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External Cephalic Version

WHAT YOU NEED TO KNOW:

What do I need to know about external cephalic version?

External cephalic version is a procedure used to move your baby into a headfirst position in your womb. This is usually done at around week 37 of pregnancy. A rear-first or feet-first position is called a breech position. This position can cause problems for the baby during pregnancy or delivery. Examples include a hip dislocation and nerve or brain injury. Babies in a breech position may need to be delivered by cesarean section (C-section). External cephalic version may help prevent problems during delivery.

What will happen before an external cephalic version?

  • Your obstetrician will tell you how to prepare for this procedure. You may be told not to eat or drink anything for 8 hours before this procedure. This is because external cephalic version can sometimes cause problems that may an immediate C-section necessary. Arrange to have someone drive you home from the procedure and stay with you for the rest of the day.
  • An ultrasound will be done to make sure your baby is in a breech position.
  • Your baby's heart rate will be watched closely with a monitor.
  • You may get medicine in your IV or injected into a muscle to help prevent contractions. Medicine may also be given to help the muscles in your uterus relax.

What will happen during an external cephalic version?

Gentle pressure will be used to prevent problems for you or your baby. An ultrasound or other test will be used several times during the procedure to check your baby's heart rate.

  • You will lie on your back. Your obstetrician will put his or her hands on your abdomen to find your baby's head.
  • First a forward roll will be tried. Your obstetrician will use one hand to lift your baby's buttocks out of your pelvis. The other hand will move your baby's head down toward your pelvis.
  • If this does not work, your obstetrician will try a backward roll. This means one hand will hold your baby's buttocks, and the other hand will push your baby toward your right hip. The baby will also be moved upward. His or her head may be moved down toward your left hip.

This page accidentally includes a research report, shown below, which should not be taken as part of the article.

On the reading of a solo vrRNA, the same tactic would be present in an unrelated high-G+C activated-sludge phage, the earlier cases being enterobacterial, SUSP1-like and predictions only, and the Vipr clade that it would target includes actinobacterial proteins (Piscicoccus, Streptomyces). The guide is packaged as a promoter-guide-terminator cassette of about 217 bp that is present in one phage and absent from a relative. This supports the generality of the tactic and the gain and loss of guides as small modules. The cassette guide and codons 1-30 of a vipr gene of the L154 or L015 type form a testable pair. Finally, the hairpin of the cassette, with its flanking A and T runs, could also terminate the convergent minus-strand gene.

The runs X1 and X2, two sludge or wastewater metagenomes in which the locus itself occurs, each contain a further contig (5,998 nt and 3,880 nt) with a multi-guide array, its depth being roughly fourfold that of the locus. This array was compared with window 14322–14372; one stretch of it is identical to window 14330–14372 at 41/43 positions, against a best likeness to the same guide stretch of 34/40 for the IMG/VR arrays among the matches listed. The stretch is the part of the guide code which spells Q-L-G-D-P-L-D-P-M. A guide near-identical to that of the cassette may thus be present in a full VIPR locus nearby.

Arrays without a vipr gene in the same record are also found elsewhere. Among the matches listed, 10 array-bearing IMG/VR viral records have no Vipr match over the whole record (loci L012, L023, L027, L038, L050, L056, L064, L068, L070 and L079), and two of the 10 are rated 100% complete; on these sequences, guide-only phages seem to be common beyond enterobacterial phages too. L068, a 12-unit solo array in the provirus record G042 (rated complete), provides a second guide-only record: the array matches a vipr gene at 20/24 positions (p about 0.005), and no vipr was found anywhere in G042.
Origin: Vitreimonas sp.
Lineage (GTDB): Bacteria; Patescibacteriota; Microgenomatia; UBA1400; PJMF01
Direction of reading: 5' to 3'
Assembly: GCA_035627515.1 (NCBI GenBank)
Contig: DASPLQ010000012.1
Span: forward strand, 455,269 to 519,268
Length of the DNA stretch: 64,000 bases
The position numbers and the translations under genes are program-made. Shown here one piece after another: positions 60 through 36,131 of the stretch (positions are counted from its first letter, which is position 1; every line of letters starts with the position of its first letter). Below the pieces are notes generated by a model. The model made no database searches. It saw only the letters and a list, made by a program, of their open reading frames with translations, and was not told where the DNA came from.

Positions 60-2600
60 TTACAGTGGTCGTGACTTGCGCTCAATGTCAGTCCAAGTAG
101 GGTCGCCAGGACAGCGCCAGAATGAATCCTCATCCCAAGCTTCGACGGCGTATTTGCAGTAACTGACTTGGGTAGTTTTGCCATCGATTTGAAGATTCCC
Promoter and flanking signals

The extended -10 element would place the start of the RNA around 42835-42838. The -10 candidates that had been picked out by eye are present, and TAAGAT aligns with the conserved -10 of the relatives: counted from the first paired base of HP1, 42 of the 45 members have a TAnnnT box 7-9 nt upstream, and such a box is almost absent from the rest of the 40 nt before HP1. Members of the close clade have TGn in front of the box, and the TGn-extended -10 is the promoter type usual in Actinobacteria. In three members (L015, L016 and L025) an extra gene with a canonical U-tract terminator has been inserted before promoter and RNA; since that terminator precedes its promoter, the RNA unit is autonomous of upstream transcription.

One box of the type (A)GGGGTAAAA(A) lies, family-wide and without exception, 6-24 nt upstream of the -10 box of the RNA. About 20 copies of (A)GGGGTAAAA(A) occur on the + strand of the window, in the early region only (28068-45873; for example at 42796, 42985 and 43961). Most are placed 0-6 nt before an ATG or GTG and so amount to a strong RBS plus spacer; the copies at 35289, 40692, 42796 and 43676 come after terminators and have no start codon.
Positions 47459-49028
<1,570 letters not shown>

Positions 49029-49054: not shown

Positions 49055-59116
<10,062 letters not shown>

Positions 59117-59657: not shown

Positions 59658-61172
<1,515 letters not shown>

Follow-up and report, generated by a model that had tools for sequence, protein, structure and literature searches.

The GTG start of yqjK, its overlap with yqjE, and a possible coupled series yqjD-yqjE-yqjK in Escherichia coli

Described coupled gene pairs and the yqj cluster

What will happen after an external cephalic version?

  • Your baby's heart rate will be checked again. If it is normal, you may be able to go home.
  • If the procedure worked, your obstetrician will help you make a birth plan if you want to have a vaginal delivery. Plans for a C-section may also be created, in case your baby has problems or turns back into a breech position. You may also need or want a C-section if the procedure did not work.
  • Your obstetrician will tell you when to return for more tests before you deliver. He or she will also give you instructions on what to do at home until labor begins.

What are the risks of external cephalic version?

You may feel some pain or discomfort during the procedure. You may also have nausea, and you may vomit. This procedure may cause labor to start, or cause premature rupture of the membranes (PROM). PROM means fluid leaks from your amniotic sac before labor begins. The placenta may pull away from the uterus, called abruption. You or your baby may also lose blood. Your baby's heart rate may become too slow. Your baby may turn back into a breech position even after a successful external cephalic version. During delivery, your baby may have a dislocated hip. His or her shoulder may get stuck in the birth canal (called shoulder dystocia). You may need to have a C-section to deliver your baby if he or she is in distress.

Care Agreement

You have the right to help plan your care. Learn about your health condition and how it may be treated. Discuss treatment options with your caregivers to decide what care you want to receive. You always have the right to refuse treatment. The above information is an educational aid only. It is not intended as medical advice for individual conditions or treatments. Talk to your doctor, nurse or pharmacist before following any medical regimen to see if it is safe and effective for you.

Further information

Always consult your healthcare provider to ensure the information displayed on this page applies to your personal circumstances.

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